Title:
DRILL HEAD CONNECTION AND METHOD
Kind Code:
A1


Abstract:
A drill head system and method of use is shown. Drill head systems shown provide for a secure drill head connection to a cylindrical portion or sonde housing, while still allowing for easy removal of a drill head without using pipe wrenches, breaker bars, etc. An internal fastener further provides easy assembly and disassembly of the drill head by protecting components from dirt or other debris. A tapered connection with male and female fittings are shown in one example that further provide a robust joint between components such as a drill head and a sonde housing.



Inventors:
Tjader, Michael (New Richmond, WI, US)
Application Number:
12/021523
Publication Date:
09/04/2008
Filing Date:
01/29/2008
Primary Class:
Other Classes:
175/320
International Classes:
E21B47/01
View Patent Images:
Related US Applications:
20080034855SLIDING WEIGHT BOREHOLE GRAVIMETERFebruary, 2008Peeters et al.
20090277691DRILLING TOOL, IN PARTICULAR SPIRAL DRILLNovember, 2009Geier et al.
20040195006Under-reamer toolOctober, 2004Groves et al.
20100018774EXCAVATOR APPARATUS FOR UNDERGROUND EXCAVATIONJanuary, 2010Furuki
20090065263DRAG BIT WITH UTILITY BLADESMarch, 2009Shen et al.
20060278436Drilling apparatus with reduced exposure of cuttersDecember, 2006Dykstra et al.
20080164062DRILLING COMPONENTS AND SYSTEMS TO DYNAMICALLY CONTROL DRILLING DYSFUNCTIONS AND METHODS OF DRILLING A WELL WITH SAMEJuly, 2008Brackin et al.
20090090555AUTOMATED DIRECTIONAL DRILLING APPARATUS AND METHODSApril, 2009Boone et al.
20050199427Drilling on gauge subSeptember, 2005Wenzel et al.
20080066958Method of directional drilling with steerable drilling motorMarch, 2008Haci et al.
20020129976Friction reducing drillstring componentSeptember, 2002Rastegar



Primary Examiner:
SAYRE, JAMES G
Attorney, Agent or Firm:
SCHWEGMAN LUNDBERG & WOESSNER, P.A. (MINNEAPOLIS, MN, US)
Claims:
I claim:

1. A drill head system, comprising: a cylindrical portion to accept a sonde; a drill head that is removable from an end of the cylindrical portion; a fastening system coupled between the cylindrical portion and the drill head, including: at least one spline that engages both the cylindrical portion and the drill head to resist torque forces; and an internal fastener to hold the drill head against the cylindrical portion along a drill stem axis, wherein the internal fastener is protected from debris inside the cylindrical portion.

2. The drill head system of claim 1, wherein at least one spline is integrally formed in the drill head.

3. The drill head system of claim 1, wherein at least one spline is integrally formed in the cylindrical portion.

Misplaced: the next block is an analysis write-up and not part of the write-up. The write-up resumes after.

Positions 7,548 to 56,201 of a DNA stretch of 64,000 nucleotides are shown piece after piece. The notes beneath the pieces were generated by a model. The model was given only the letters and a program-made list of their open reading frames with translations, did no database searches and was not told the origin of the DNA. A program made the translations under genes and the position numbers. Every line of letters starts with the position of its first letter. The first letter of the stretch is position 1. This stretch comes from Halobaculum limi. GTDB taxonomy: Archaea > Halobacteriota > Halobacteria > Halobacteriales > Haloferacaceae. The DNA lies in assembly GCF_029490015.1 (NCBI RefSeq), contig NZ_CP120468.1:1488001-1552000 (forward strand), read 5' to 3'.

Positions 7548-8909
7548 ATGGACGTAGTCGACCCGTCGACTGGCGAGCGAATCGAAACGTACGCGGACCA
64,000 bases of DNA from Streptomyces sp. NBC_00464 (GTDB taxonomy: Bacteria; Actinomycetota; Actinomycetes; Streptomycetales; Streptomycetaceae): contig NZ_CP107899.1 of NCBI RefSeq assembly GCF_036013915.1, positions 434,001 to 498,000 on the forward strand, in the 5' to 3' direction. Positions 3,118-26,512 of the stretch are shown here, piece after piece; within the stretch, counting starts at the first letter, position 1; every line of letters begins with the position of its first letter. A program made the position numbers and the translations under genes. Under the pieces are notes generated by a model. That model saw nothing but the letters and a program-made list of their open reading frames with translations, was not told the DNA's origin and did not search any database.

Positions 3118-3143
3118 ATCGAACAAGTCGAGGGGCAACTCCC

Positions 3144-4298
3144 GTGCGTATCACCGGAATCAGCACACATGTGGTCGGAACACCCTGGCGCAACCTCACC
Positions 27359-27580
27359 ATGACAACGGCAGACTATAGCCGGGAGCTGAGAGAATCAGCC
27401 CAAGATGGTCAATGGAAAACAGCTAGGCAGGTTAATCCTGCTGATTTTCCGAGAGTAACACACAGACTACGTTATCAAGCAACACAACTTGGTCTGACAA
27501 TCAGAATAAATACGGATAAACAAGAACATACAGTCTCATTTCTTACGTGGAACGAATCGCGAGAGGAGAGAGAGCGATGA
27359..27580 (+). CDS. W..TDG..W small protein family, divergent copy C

4. The drill head system of claim 1, wherein multiple splines engages both the cylindrical portion and the drill head to resist torque forces.

5. The drill head system of claim 1, wherein at least one spline includes a removable key.

6. The drill head system of claim 1, wherein the internal fastener includes a hex head bolt.

7. The drill head system of claim 1, wherein the cylindrical portion includes an end loading sonde housing.

8. The drill head system of claim 1, wherein the cylindrical portion includes a side loading sonde housing.

9. A drill head system, comprising: a cylindrical portion to accept a sonde, the cylindrical portion having a tapered female fitting at a first end; a removable drill head having a tapered male fitting to engage the female fitting of the cylindrical portion; a fastening system coupled between the cylindrical portion and the drill head, including: at least one key that fits into at least one slot at the interface between the female fitting and the male fitting to prevent rotation between the female fitting and the male fitting; an internal fastener to axially pull the female fitting and the male fitting together, wherein the internal fastener is accessible through an inside of the cylindrical portion.

10. The drill head system of claim 9, wherein the cylindrical portion includes a tapered thread fitting at a second end.

11. The drill head system of claim 9, further including a fluid passage that passes axially through a wall of the cylindrical portion, and transmits fluid to the drill head through an opening in a side of the male fitting.

12. The drill head system of claim 9, wherein the drill head includes a flat blade bit drill head.

13. The drill head system of claim 9, wherein the drill head includes a rock drill head.

14. The drill head system of claim 9, wherein the fastening system includes a first slot in a side surface of the male fitting and a corresponding second slot in a side surface of the female fitting with a replaceable key that prevents relative rotation between the male fitting and the female fitting when the key is engaged in the first and second slots.